This is pretty ambitious for a first novel and I would quickly suggest you try something closer to your own experience at first. But if you want to do this, you should really make the extreme efforts towards making it credible. People who read prison fiction, like thos who read war fiction, tend to know a thing or two about that reality and are quick to reject anything that violates it.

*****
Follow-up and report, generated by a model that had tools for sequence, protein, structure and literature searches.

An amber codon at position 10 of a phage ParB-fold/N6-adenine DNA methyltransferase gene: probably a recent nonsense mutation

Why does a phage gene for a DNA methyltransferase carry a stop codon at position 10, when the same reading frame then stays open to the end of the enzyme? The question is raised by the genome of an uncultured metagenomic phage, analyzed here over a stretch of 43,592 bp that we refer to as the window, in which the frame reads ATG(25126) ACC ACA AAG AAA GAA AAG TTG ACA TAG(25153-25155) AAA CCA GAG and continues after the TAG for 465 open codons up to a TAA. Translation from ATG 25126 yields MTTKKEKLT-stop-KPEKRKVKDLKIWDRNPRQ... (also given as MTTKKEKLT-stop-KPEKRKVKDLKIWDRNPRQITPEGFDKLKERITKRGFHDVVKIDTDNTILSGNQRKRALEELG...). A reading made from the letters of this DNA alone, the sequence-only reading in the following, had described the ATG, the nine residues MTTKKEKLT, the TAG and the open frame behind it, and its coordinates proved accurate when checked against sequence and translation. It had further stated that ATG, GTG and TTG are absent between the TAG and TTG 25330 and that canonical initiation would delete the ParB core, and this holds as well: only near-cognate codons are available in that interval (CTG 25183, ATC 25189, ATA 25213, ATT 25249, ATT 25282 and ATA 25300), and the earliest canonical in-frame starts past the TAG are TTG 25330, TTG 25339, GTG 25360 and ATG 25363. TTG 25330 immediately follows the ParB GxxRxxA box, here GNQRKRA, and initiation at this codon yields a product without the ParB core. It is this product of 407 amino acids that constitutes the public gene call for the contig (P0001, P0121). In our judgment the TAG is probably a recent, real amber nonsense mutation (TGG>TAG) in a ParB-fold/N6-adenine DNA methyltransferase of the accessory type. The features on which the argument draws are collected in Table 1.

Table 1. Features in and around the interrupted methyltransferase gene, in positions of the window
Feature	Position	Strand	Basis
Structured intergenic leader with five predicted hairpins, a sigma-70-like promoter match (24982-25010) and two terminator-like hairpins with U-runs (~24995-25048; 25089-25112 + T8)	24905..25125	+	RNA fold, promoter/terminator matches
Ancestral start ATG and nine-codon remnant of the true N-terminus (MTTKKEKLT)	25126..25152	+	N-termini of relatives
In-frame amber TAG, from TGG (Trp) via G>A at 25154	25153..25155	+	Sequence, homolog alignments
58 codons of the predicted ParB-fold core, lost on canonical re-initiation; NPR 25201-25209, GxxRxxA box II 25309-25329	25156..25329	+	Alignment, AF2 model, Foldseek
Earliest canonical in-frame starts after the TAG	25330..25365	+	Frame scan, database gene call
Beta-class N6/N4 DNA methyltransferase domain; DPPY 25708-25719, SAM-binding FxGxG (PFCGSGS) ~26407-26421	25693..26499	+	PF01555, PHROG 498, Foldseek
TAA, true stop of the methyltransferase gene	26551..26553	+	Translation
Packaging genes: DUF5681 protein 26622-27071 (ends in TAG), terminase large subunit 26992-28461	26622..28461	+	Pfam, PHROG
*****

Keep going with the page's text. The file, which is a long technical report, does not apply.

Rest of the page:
Okay, I agree about mentioning Pelican Bay by name, to be honest I didn't even want to name one but I put it down anyway. You are right about the bus, but are wrong about Pelican Bay not having a yard with exercise courts. The prison has half of the complex dedicated to holding Level IV inmates, and that is gen pop, and that has everything I said it has. The other half is the SHU, they are the side that has the concrete boxes for individual yard. My character never went to yard while in the SHU in my story. I happen to know a lot about prison actually. If I take PB's name from the story, which I did because you are right about that being a mistake (thanks for that), this could be one of many state prisons across the country, like Holmann or Brushy Mountain. Once I do that, what is so unbelievable about the things in the story? All the items I said he obtained are obtainable in prison. Men have smuggled in automatic weapons into prisons before, and explosives, but he used match heads. Prisons have machine shops and woodworking shops. 7 men escaped from a death row block in Texas. The older state prisons don't have the screen style fronts to the cells, they have the bars. Places like San Quentin, and most other prisons that have an open yard, and even indoor dormitories, are very much broken down into race. Sex offenders are targets all the time in prison. Troy Kell, who murdered a black man on camera for the world to see inside prison, was assisted by another white guy. Know what his original charge was? Check forgery. So yes, places like prison can turn someone into a monster I believe. After all, it is fiction and I can do whatever I want with the story right? As long as it has some basis in reality, and if you remove the "Pelican Bay" and "California" from the story, it works.